Time travel back to sometime in January 2011. My fatherhood was imminent. I remember, vividly, the moment I learned of this. I’m certain that if, upon me hearing the news, a picture was taken of my face, the expression of shock would make you believe that I was witnessing a car crash or train wreck. But I was only watching my wife’s lips nervously mutter the words, “we’re having a baby”.
After having a quick beer and reassuring Sonya that yes, it was a plus sign on the pregnancy test, the craziness cleared and I honestly didn’t think too much about it. It just didn’t seem all too real for some reason. 9 months later, oddly enough it still didn’t feel real. Granted, there were obvious signs of what was about to happen – Sonya, with a massive belly and seriously swollen ankles, a nursery magically appearing in the spare room, baby stuff everywhere. But nothing had really changed much. Yet.
It was exactly two days after the due date that we found ourselves in the hospital waiting on the arrival of our baby girl, Camryn. Her birth was nearly a 12 hour process during which I spent most of the time waiting and watching Sonya go through a sort of pain that I wasn’t really ready for. The final couple of hours, in particular, were difficult. Sonya was going through intense contractions and all I could do was be there for her. Tell her how well she was doing. Help her with her breathing. And watch as Camryn made her slow way out of her comfy “room”, into a strange and unfamiliar World.
And as much as I wasn’t prepared for the whole labour process, I was even less prepared for the immediate aftermath. As Camryn’s head appeared, giant red cheeks and all, I was certain that we had an alien baby. Fortunately I was reassured otherwise as the rest of her body came into sight and the proportions matched. Still – massive cheeks. She was a big baby.
The Dr’s took her to be examined and got her cleaned up and whatnot. I came with them. I couldn’t take my eyes off of her. Camryn was crying and I found myself repeating, “it’s ok Camryn, it’s ok”. Of course that didn’t help and knowing that crying was a good sign I actually welcomed it.
In my humble opinion, she was absolutely perfect. When I realized this, I turned back to Sonya and gave her a thumbs up. As I turned around, I nearly fainted, being witness to the “cleanup” underway behind me.
My advice to any father to be: don’t look back at your wife immediately after giving birth. It is a sight that cannot be unseen.
After a nearly sleepless night and a few visitors, we left the hospital with a new passenger. I drove exceptionally slow on the way home. I took corners at half that speed and made sure to come to complete stops. As we pulled into our driveway, it became real for the first time. Our lives had officially changed.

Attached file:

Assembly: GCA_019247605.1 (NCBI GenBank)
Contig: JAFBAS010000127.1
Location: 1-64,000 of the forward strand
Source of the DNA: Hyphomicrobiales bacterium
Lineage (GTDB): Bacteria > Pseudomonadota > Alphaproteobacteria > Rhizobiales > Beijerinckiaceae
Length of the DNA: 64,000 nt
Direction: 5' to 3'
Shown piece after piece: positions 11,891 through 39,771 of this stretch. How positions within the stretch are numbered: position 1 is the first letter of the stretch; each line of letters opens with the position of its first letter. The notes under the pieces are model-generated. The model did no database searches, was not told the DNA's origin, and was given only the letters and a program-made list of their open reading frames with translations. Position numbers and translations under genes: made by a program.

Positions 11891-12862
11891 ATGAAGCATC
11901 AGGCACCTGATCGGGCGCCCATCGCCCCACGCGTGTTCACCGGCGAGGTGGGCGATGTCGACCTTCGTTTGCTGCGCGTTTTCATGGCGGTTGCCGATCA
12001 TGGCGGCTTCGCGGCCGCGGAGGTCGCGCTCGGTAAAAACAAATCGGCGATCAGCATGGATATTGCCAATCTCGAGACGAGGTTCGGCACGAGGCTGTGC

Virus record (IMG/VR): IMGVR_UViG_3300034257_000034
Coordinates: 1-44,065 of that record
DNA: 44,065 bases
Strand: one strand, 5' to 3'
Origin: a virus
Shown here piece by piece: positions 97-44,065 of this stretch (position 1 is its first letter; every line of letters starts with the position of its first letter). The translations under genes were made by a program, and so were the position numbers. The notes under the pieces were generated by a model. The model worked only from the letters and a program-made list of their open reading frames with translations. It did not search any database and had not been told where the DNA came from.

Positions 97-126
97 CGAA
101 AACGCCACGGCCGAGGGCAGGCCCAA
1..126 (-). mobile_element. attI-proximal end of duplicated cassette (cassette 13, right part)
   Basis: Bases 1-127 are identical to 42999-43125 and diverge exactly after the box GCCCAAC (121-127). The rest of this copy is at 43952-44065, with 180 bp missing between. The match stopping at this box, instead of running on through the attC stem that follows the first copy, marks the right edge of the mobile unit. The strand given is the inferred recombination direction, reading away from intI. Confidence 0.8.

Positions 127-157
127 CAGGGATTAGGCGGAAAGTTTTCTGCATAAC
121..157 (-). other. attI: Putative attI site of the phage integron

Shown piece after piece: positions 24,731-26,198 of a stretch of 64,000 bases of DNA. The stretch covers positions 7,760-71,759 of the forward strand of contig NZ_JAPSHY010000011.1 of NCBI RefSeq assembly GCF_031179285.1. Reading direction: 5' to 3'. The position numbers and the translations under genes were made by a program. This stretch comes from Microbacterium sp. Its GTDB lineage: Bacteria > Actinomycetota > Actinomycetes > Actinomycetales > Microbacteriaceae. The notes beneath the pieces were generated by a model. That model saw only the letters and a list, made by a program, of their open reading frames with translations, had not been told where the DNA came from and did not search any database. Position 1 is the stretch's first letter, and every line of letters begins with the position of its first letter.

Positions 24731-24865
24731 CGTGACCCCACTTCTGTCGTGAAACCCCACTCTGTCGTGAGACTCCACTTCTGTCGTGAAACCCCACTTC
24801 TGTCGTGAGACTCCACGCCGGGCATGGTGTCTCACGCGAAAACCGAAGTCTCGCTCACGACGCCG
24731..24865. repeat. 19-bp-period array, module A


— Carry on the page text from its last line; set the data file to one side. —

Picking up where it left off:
It turned out that Camryn liked to cry in the evenings. A lot. And when I say a lot, I really mean, a lot. Basically from 5pm to midnight, every night, she would cry and cry and cry. It was difficult for me, but even more so for Sonya. A big trick I found was that if I turned on the vacuum or stove fan, she would instantly stop crying. Needless to say, our evenings in the early months were often filled with white noise.
Out of everything that I wasn’t ready for, the biggest was the constant care and attention that a baby requires. Before Camryn, when I wasn’t playing volleyball, tennis or baseball, I’d be attending tech meetups or working on projects or randomly going for a pint. Sonya and I actually made it to the movie theatres nearly every weekend over the year leading up to the birth. After Camryn, virtually all of that stopped. My main focus was on making sure that Camryn was good, and just as important, I was there for Sonya. The latter being especially difficult for some reason.
Being a good father means also being a better husband.
But the crying stopped. Camryn began sleeping more or less through the night, I’ve been able to get out to play the odd baseball game and I’m learning how to best balance my interests with the best interests of my family. This is a difficult difficult thing.
Despite the massive change in lifestyle, I can safely say that I am the happiest I’ve been… ever. There is no joy like what I feel when I come home after work and see my baby smile and reach out for me to hold her. And see Sonya smile in amusement as we watch Camryn experience things for the first time and look at us, knowing that we are her parents and we love her unconditionally. If I could, I’d take these days and fold them up and put them in my back pocket, so that I could forever walk around with pure happiness.